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Gyroscope precession in special and general relativity from basic principles
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View: Figures


Image of Fig. 1.
Fig. 1.

A gyroscope transported around a circle. The vectors correspond to the central axis of the gyroscope at different times. The Newtonian version is on the left, the special relativistic version is on the right.

Image of Fig. 2.
Fig. 2.

A gyroscope transported along a circle at the photon radius of a static black hole. The gyroscope turns so that it always points along the direction of motion.

Image of Fig. 3.
Fig. 3.

A train at two consecutive times moving with velocity relative to a platform that accelerates upward. A gyroscope with a torque free suspension on the train will precess clockwise for .

Image of Fig. 4.
Fig. 4.

(a) The grid at rest with respect to . (b) The grid after a pure boost with velocity to the right, relative to . Note the length contraction. (c) The grid after a pure upward boost relative to a system that moves with velocity to the right. (d) The grid after a pure boost that stops the grid relative to .

Image of Fig. 5.
Fig. 5.

The stretch-induced tilt of the two points (the filled circles) due to the final stopping of the grid. The distance between the points prior to the stretching, as measured in the direction of motion, is denoted by .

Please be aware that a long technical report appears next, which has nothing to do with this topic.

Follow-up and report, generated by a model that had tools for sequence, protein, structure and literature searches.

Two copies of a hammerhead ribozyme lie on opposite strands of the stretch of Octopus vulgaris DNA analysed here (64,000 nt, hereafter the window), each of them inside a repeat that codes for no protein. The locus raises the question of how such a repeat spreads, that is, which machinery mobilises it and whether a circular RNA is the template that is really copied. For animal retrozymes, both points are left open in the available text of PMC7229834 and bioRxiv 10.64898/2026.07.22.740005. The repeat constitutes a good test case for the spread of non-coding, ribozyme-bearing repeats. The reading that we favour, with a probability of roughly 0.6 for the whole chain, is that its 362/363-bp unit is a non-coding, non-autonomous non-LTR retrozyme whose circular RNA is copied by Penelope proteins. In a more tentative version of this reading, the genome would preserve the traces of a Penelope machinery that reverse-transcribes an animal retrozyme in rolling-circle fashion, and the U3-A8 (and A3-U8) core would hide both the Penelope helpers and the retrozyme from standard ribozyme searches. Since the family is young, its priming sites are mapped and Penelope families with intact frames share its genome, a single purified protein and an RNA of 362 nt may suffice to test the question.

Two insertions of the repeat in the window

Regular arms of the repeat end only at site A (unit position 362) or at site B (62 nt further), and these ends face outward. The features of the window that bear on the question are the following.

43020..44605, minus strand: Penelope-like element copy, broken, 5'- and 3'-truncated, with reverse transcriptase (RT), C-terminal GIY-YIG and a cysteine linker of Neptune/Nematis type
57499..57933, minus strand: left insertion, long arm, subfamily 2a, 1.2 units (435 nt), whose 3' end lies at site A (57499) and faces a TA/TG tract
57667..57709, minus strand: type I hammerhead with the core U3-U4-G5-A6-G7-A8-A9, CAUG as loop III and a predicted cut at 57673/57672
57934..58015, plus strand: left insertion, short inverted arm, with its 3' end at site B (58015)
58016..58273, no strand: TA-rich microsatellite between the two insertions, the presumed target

Image of Fig. 6.
Fig. 6.

The real grid (black thin lines) and the corresponding imagined uncontracted grid (gray thick lines) before and after a large upward boost.

Image of Fig. 7.
Fig. 7.

A gyroscope grid at successive time steps. Both the grid and the gyroscope are depicted as they would be observed if they were uncontracted.

Image of Fig. 8.
Fig. 8.

Boost of the reference frame (of which the depicted thin grid is a small part) upward by a velocity . The velocity of the gyroscope grid is maintained.

Image of Fig. 9.
Fig. 9.

Relative to the gyroscope system, the reference frame (thin lines), of which we illustrate a certain part, rotates during the boost. The reference frame is depicted as it would appear if it was not length contracted relative to the gyroscope system.

Image of Fig. 10.
Fig. 10.

A train with a gyroscope moving relative to an accelerating platform observed at two successive times.

Image of Fig. 11.
Fig. 11.

A sketch of the rail and the train observed from an inertial system where the train is momentarily at rest.

Image of Fig. 12.
Fig. 12.

A free photon will in general follow a curved path relative to an accelerated reference frame. A gyroscope transported along such a path will keep pointing along the path if it did so initially.

Image of Fig. 13.
Fig. 13.

Sketch of the spatial geometry of a symmetry plane outside a black hole. The local static reference frame shown (the square grid) has a proper acceleration outward. For a sufficiently small such reference frame it works just like an accelerated reference frame in special relativity.

Image of Fig. 14.
Fig. 14.

Deviations from a straight line relative to a reference frame that accelerates in the direction. The plane shown is perpendicular to the momentary direction of motion (along the dashed line), and all the three vectors lie in this plane. The solid curving line is the particle trajectory. The thick line is the line that is fixed to the inertial system in question and is thus falling relative to the reference frame.


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752b84549af89a08dbdd7fdb8b9568b5 journal.articlezxybnytfddd
Scitation: Gyroscope precession in special and general relativity from basic principles